After several weeks of public voting with more than 6,500 votes counted, four Southern Resident Community Orca calves have new names! The newly named babies are: Notch (J-47), Saturna (K-43), Mystic (L-115) and Finn (L-116).
Receiving a name is a BIG DEAL! It means the whales has survived their first winter, making their chances for long term survival much greater. These active, young whales have returned with their pod and have been spotted throughout the summer. They have now been entered into the Orca Adoption Program, which is a really cool way to support whale research.
The Orca Adoption Program was started in the spring of 1984. No, you don’t REALLY adopt the animal, but when each orca is given a name and history, people can then understand its unique personality and complex social relationships, and form a connection to the whales. At the time the Orca Adoption program was created, a Congressional bill to ban live captures of killer whales was pending; it subsequently passed. Today, thousands of people know Granny (J-2), Oreo (J-22) and other Southern Resident orcas through the Orca Adoption Program.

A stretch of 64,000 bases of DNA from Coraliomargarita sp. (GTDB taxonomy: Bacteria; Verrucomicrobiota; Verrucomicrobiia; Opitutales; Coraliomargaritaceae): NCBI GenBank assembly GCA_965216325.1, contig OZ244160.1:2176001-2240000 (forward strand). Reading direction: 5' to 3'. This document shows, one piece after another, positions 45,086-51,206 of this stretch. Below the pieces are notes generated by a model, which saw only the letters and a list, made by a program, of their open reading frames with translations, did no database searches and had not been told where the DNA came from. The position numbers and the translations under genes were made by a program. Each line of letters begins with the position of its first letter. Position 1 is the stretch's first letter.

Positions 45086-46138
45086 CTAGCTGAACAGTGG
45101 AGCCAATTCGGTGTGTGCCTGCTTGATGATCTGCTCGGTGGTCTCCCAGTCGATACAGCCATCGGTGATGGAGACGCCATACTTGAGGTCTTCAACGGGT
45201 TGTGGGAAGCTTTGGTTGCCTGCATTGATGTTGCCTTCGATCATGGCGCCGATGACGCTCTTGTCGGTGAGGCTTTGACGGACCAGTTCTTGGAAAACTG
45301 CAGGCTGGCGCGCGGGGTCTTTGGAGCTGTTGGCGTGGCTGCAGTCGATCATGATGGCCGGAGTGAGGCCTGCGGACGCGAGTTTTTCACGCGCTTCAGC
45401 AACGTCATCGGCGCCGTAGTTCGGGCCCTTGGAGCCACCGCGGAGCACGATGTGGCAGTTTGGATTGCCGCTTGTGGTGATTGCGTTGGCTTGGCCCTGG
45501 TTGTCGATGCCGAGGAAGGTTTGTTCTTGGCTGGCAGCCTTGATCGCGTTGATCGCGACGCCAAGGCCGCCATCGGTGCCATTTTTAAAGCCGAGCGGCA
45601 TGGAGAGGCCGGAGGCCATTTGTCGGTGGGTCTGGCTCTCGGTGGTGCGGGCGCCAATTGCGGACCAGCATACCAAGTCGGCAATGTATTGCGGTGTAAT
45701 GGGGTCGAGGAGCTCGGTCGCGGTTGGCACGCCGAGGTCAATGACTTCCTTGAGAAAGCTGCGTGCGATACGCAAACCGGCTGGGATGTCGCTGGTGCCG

An Orca Adoption is a wonderful way to connect with these magnificent orcas. Symbolically adopting a whale in the Southern Resident Community also supports the mission of The Whale Museum which, since 1979, has been promoting stewardship of whales and the Salish Sea eco-system through education and research. In addition to providing exhibits and the Orca Adoption Program, the Museum provides programs including: the Soundwatch Boater Education, Marine Naturalist Training, San Juan Islands Marine Mammal Stranding Network, and the Whale Hotline. Orca Adoptions make wonderful gifts for family and friends. For more information, contact the Orca Adoption team at (360) 378-4710 ext. 24, or go to www.whalemuseum.org.
For a little history on the granddaddy we are all mourning, see our Tucker House blog Tribute to Ruffles.